About Culture Change:
Welcome to Culture Change,, founded in 1988
by an energy analyst who published the Lundberg
Letter on oil industry trends.
Most mainstream environmental organizations do not quite tell it like it is
or offer a realistic vision of what a sustainable society must start with.
We look at the big picture and do not pursue inadequate reforms. People
are bombarded by minutiae, despair and false hope, which the corporate media add
to as they distract the public from making connections between today's crises.
Through independent thinking and cooperative action it is possible to attain
bioregionally based economic security that would greatly heal the Earth's
and our own wounds. We are not only "concerned" about global climate change; we
present a realistic analysis of the so-called techno-fix. We demonstrate alternatives to sprawl and petroleum dependence while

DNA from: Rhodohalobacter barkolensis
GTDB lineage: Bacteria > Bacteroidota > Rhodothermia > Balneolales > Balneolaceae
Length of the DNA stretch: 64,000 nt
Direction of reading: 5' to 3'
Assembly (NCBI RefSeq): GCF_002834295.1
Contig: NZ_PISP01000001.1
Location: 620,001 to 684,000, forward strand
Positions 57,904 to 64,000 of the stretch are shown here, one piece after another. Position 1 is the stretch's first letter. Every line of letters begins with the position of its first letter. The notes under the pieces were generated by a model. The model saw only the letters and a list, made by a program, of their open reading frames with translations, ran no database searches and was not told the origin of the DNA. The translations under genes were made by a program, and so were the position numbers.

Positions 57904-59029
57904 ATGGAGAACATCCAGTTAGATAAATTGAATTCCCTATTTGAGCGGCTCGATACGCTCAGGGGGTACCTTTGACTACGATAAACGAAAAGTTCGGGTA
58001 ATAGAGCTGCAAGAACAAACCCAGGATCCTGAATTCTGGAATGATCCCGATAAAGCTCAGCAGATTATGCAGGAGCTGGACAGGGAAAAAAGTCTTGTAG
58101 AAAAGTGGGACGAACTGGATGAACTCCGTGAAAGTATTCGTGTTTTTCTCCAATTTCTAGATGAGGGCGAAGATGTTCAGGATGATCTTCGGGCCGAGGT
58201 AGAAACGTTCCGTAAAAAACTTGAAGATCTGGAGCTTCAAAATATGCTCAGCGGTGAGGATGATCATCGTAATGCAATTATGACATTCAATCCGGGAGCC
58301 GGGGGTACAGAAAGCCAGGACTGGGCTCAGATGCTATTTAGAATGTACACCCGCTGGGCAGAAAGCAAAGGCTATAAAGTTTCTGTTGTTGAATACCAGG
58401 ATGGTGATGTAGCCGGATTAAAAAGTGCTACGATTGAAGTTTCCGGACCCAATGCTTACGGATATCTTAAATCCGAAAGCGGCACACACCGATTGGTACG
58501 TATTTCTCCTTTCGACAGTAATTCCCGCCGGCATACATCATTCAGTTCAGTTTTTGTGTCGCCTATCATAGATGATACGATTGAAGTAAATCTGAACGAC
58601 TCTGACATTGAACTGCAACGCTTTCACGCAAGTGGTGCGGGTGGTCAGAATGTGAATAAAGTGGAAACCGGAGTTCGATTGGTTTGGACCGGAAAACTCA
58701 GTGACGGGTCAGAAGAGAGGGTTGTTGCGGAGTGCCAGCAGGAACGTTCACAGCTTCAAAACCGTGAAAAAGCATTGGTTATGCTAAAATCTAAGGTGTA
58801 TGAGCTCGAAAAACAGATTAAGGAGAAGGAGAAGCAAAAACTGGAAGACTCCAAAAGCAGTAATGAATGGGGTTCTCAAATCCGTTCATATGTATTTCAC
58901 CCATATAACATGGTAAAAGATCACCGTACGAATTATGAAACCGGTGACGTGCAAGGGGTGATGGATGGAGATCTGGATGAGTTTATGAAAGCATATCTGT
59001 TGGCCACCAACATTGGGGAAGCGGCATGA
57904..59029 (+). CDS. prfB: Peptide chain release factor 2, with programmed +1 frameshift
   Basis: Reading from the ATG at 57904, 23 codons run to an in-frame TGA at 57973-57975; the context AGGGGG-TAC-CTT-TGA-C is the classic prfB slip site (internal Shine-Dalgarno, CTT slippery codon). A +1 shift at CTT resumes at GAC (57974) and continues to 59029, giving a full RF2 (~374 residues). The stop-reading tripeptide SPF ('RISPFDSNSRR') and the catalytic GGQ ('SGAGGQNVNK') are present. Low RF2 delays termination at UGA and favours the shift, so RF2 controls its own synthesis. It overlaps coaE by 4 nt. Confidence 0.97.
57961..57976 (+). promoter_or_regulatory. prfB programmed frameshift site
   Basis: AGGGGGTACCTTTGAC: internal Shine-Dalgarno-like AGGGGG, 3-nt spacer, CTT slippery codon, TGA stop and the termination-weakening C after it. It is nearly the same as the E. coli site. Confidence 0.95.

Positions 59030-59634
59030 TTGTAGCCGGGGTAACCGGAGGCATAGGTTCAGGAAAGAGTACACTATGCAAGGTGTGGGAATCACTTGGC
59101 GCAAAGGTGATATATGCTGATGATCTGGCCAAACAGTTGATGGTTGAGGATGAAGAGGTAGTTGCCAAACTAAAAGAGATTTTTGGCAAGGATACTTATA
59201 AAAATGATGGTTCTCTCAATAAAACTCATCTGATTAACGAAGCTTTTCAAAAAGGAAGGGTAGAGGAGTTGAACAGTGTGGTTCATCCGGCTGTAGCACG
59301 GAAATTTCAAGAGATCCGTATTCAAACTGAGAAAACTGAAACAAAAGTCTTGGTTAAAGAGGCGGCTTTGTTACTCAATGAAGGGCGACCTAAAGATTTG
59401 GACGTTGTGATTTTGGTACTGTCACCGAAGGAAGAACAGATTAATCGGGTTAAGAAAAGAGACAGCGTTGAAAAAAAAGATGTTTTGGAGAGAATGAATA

fighting unwise development such as new road construction.
has been possible in the U.S. through seven decades of petroleum dependence,
yet policies assure or assume non-stop growth of consumers, cars, etc. Being
in denial about technology and "progress" is a good test of one's
adherence to the American Dream, as distinguished from our typical reader/supporter.
Key changes needed in the U.S. includes stopping road building, which
is part of the petroleum infrastructure.
Phasing out massive fossil fuel
use as fast as possible is crucial to saving Earth's climate from total
destabilization. Economically the reasoning is equally strong: as oil runs
very short in a few years, trade will suddenly have to become more
local-based, challenging the corporate world economy.
The Alliance for a Paving Moratorium
Culture Change was previously known as the Sustainable Energy
Institute, and previous to 2001 known as Fossil Fuels Policy Action. Its first major project was
the Alliance for a Paving Moratorium with its flagship the Auto-Free Times
magazine. Formed in 1990, the Alliance for a Paving Moratorium is a
diverse movement of 170 grassroots community groups, individuals
and businesses. Our common goal: to halt the tremendous environmental, social
and economic damage caused by endless road building. Decaying inner cities,
foul air and water, global warming and war over oil are all byproducts of
our growth-at-any-cost economy.